Claudia Myers column: Keeping up with the challenge
One of my biggest problems in any situation, be it the doctor's office, quilt guild meetings or restaurants, is where to put my cane so it doesn't fall down and cause a commotion.
My husband and I joke that pretty soon our grocery bills will take a dive because with our declining appetites, we'll be able to get along fine with a combined dinner feast of a couple of those little round, red potatoes, a few green beans and a pork chop.
I am beyond the days of watching what I eat so I can get into those expensive jeans I bought. I am well into the "different-dietary-guidelines-for-each-disease-that-has-cropped-up" stage.
There is the "no-sugar, low-carb" diet for one thing; the "no-red-meat, eat-your-fruit-and-veggies" diet for another; and the "you-can-make-anything-taste-good-with-the-right-spices, even-tofu" regimen. One gastric diet shakes a warning finger at fresh fruit and vegetables, making mealtime a challenge, until you're down to canned spinach and cold water, no ice. Ahoy there, Popeye!
One of my biggest problems in any situation, be it the doctor's office, quilt guild meetings or restaurants, is where to put my cane so it doesn't fall down and cause a commotion. If I put it someplace too safe, I usually forget it and have to make a trip back to retrieve it. And I haven't yet learned how to manage it in addition to an armful of papers, fabric or lunch.
Even hanging onto it while putting on my coat somehow deteriorates into a "Laurel and Hardy" skit. When we are out for dinner, it slides under the table with a clatter so that I have to ask the young waiter to come and crawl around on the floor to retrieve it. Ugh! I hate that.
And, if a cane is that much trouble, what the heck am I supposed to do when I need a walker? Do you need a parking permit? What about etiquette? If a friend picks you up in their car to go to lunch, do they manage the folding up and stashing away of the walker, because it is their car? Or, do you do that?
Even though, because if you are using a walker, you are usually not dexterous enough to manage any large folding object, especially one on wheels. Is there a book of good manners and practices that comes with the purchase of every walker?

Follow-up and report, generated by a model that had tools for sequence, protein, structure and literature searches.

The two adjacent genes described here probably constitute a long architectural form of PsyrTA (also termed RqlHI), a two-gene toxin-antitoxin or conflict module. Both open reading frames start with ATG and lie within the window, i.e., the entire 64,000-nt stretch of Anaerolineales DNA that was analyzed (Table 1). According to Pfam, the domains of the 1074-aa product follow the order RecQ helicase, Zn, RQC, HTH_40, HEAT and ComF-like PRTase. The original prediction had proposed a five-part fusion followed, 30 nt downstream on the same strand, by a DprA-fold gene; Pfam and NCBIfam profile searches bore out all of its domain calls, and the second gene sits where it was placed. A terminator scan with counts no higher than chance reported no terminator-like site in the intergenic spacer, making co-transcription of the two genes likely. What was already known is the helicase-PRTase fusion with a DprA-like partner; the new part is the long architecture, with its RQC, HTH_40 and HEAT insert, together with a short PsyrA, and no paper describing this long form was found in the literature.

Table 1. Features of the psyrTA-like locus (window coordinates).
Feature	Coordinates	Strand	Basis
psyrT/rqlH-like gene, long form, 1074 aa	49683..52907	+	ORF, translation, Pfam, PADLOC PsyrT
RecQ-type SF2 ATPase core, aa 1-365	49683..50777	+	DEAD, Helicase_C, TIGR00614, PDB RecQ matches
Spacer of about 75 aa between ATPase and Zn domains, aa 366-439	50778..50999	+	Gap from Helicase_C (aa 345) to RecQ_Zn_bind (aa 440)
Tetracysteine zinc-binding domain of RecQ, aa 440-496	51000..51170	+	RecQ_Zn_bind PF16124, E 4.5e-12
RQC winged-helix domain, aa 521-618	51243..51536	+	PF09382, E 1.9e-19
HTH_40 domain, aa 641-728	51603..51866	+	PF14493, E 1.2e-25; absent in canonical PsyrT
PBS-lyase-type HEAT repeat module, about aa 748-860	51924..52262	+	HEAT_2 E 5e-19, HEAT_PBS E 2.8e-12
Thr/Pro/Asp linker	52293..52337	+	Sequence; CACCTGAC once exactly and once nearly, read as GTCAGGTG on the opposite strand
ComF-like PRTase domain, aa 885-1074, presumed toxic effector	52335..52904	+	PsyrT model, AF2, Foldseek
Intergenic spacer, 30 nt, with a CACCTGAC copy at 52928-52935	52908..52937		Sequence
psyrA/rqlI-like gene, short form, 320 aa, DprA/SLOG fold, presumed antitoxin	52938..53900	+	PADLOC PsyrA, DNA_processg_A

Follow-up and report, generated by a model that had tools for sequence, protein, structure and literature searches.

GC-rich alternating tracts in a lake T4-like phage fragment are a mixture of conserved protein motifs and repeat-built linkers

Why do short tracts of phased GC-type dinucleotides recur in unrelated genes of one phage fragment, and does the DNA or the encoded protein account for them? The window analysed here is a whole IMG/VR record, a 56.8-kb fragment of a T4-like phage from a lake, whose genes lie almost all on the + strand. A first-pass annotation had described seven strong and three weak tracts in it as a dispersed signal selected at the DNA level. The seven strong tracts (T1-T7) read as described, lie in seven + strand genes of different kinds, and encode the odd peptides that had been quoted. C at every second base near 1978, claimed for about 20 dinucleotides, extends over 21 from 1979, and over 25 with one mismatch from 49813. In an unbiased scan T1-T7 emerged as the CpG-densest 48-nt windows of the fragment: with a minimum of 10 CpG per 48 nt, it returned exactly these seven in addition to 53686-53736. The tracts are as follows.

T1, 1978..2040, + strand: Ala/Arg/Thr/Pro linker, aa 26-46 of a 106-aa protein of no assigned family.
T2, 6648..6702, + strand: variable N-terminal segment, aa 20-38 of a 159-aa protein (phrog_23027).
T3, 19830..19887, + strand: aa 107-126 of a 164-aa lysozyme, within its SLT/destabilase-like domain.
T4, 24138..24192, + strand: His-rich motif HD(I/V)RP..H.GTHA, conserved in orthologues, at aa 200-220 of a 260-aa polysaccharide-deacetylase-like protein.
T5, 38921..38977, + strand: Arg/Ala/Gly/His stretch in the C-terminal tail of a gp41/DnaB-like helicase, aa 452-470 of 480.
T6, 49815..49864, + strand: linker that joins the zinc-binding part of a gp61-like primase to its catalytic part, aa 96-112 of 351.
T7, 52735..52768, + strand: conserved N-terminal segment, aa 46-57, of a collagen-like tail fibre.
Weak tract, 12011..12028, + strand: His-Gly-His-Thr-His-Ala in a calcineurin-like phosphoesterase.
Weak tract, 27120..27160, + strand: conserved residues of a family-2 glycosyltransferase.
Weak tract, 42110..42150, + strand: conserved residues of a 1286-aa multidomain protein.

But when mobility gets to be a problem and you feel like you are wearing a pair of those kid's bouncy shoes with the springs, you learn to adapt or you tip over. So, you join the thousands of other "seniors" who practice the fine art and sport of "furniture surfing." When you walk into an unfamiliar room, you check the contents to make sure there are enough pieces of furniture to hang onto, allowing you to "surf" or glide across the room as you try gracefully to get from here to there.
Walls are good for this purpose, also, but, unfortunately, in a small group, they give you the appearance of sneaking or slinking around the edges — not a good look for an older woman.
I have a theory: Oh, yes, I hear you. What? Another cockamamie theory? Yes. Another theory.
I think that we go along for about three years and nothing changes much, meaning with our health, our appearance, our eating habits. No one says, "Wow, you must have had a rough night!"
Then comes that fourth year when everything I previously mentioned falls apart. All of a sudden, you need tri-focals, your hair starts coming out in chunks, nothing tastes the way you remember it, and besides that, the doctor says you are of an age that you need a procto. Ooohhh, nooo. You get through that year and then everything is stable for another three or four years again.
That's my theory. What do you think?
One of my favorite jokes is about the old guy sitting on a park bench when another man comes along and joins him. The first fellow says, "Hey, there, what's your name?" The new guy is quiet for a few seconds, then says, "How soon do you have to know?"
The reason we have difficulty remembering our best friend's name, or familiar words or street names or even our own name is that, by the time we are out of "middle age," we have crammed a tremendous amount of information into our brains. We have a condition known as "storage overload." All we need is a slight design variation. Might even be retro-fitable! I'm talking about a delete button, so you could get rid of data when it was no longer needed. Good idea, eh?
And who really needs to remember all the words to "Wake Up Little Susie" by The Everly Brothers or the combination to your seventh grade locker? I lived in fear I would forget it when I was in seventh grade, but I think I'm over that now. I know someone who can recite the serial numbers of the very first dollar bill he ever earned. But he forgets to take the grocery list.
Here's what I know about the aging process: If I were a car, I would be a 1985 Buick station wagon, badly in need of an overhaul and body work. And a complete detailing job wouldn't hurt, either.
Next up: "Your mother's voice"